Physically Challenged Fishing : Physically Challenged Students Angle for a Catch in Exceptional Anglers Fishing Tournament
Almost 600 students in the Jefferson and Shelby County school systems who are physically, mentally or medically challenged angled for a perfect catch during the ninth annual Exceptional Anglers Fishing Tournament at Oak Mountain State Park May 7, 8 and 9.
The special tournament was created nine years ago to provide sporting and recreational opportunities for public school students who are unable to take part in traditional physical education programs due to health concerns or disabilities. For some of these "exceptional anglers," ages 3 to 21, the annual outing is the only opportunity they have to catch a fish.
Volunteers worked with students one-on-one to help them bait the hook, cast the line, hook a fish and reel in their catch. Each student received a picture with their catch to take home to share with family and friends.
Other activities included music, art, storytelling and a picnic lunch. Thursday and Friday, students were treated to a fish fry.
Although many sponsors make the event possible, founding sponsors include Alabama Power, the Alabama Department of Conservation and Natural Resources, and the Jefferson and Shelby County school systems.
"We are involved in numerous community events to support education in this state," said Willard Bowers, vice president of Environmental Affairs at Alabama Power. "The Exceptional Anglers event allows a special group of students the opportunity to experience the outdoors and the joy of catching a fish. Why do we do it? Because the results are immediate -- you can see it on the children's faces. These children deserve more days like these."
According to Bowers, you need three things to make this event successful. "You need fish. You need children. And you need volunteers. We couldn't do it without the volunteers." Approximately 200 volunteers from Alabama Power and the Alabama Power Service Organization helped the students to experience a successful and safe outing. At least 100 volunteers from other sponsors assisted as well.
Barnett Lawley, commissioner of the Alabama Department of Conservation and Natural Resources, said, "We are committed to special citizens, and making a difference with our natural resources. That's why we are here. We are glad to have a small part in this with Alabama Power."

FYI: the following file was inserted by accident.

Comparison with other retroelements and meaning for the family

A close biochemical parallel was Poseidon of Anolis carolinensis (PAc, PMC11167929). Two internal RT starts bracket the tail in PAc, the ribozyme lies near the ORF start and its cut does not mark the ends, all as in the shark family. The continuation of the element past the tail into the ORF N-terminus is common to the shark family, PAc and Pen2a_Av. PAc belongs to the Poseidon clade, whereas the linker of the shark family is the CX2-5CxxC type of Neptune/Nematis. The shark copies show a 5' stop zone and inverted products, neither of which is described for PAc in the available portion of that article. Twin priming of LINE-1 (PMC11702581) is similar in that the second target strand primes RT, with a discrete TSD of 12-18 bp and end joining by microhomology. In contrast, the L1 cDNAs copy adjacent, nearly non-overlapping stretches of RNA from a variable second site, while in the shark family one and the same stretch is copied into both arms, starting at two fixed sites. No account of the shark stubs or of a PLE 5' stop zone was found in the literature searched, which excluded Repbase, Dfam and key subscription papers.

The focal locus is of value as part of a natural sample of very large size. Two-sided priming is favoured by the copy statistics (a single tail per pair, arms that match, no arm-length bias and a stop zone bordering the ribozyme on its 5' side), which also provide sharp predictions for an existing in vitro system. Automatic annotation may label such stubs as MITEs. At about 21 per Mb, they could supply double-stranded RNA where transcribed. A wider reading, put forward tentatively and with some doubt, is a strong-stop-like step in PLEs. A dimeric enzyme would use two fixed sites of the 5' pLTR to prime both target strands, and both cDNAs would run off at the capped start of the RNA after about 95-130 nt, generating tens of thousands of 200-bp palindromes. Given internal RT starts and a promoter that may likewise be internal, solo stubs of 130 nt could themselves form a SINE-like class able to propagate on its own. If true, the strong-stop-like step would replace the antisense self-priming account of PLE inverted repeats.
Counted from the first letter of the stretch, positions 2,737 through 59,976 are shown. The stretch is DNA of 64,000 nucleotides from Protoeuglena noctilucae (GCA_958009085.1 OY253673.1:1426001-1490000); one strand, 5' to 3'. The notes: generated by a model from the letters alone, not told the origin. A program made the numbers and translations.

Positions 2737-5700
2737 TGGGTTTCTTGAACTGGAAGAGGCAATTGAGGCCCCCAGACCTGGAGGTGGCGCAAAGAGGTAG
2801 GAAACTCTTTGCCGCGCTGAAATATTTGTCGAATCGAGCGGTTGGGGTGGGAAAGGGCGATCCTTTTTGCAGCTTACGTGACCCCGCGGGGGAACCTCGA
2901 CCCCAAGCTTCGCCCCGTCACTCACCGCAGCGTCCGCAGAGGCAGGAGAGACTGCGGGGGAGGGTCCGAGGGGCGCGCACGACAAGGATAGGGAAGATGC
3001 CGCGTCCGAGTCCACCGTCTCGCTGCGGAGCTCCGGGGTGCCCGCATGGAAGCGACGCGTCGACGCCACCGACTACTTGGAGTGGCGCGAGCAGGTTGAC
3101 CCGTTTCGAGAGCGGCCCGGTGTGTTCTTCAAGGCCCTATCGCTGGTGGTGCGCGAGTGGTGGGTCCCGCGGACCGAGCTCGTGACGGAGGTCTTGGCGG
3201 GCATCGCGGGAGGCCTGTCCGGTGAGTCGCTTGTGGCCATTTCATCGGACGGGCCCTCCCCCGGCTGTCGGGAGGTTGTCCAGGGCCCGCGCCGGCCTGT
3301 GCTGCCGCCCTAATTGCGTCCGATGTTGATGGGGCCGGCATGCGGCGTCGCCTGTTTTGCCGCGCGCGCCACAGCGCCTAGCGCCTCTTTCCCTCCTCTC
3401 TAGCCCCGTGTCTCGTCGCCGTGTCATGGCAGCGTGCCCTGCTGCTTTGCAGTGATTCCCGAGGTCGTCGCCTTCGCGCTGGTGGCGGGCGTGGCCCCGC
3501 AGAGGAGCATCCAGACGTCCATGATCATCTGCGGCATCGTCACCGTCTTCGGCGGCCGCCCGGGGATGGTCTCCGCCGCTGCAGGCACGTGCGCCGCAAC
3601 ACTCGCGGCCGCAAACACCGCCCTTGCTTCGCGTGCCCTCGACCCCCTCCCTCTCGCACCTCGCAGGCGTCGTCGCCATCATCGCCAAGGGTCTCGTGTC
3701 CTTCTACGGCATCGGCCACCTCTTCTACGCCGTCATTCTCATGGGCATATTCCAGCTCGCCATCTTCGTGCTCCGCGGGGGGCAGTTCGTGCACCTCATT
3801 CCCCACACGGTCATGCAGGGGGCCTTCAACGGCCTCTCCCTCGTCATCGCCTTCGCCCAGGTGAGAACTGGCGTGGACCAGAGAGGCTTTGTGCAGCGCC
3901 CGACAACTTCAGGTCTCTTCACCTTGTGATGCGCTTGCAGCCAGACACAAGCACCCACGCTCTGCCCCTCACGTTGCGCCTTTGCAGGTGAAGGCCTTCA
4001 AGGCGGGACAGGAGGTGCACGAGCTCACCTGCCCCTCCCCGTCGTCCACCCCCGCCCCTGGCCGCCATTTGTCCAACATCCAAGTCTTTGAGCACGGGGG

For Shelby County's Linda Nolen Learning Center, it was the biggest day of the year. Although the school sponsors smaller field trips, Principal Carol Adams said, "We look forward to this day all year. We close the school and the entire staff -- teachers, secretaries, janitors, all of us -- come out to ensure a very special day for all our students. Not only do the students love the outing, but without the one-on-one assistance, a school wide field trip would not be possible. For many students, this is the most exciting school event of the year." About 85 students from the Linda Nolen Learning Center participated in this year's event; approximately three-quarters of the students use wheelchairs.
On Thursday and Friday, approximately 500 physically challenged students from 34 different schools within the Jefferson County school system participated. Wanda Westbrook, adaptive physical education specialist with the Jefferson County schools, explained the importance of the outing. "One of our primary goals is to teach functional life-skills and to find recreational opportunities that suit our students' abilities. Fishing is appropriate for young and old alike, and our area is blessed with many lakes within a short drive.
"We also found that many of our students' families haven't been fishing, so this provides a wonderful family outing. We think the event introduces the whole family to a good recreational skill they can continue as the students grow up," Westbrook said.
The lake at Oak Mountain was stocked with approximately 4,000 pounds of large channel catfish, plus about 1,000 largemouth bass and 1,000 bluegill. Organizers of the event report the fish were biting. "Some of the smallest children were catching these huge catfish," Westbrook said. "It was so exciting."
|May 9, 2003||© Yenra ®|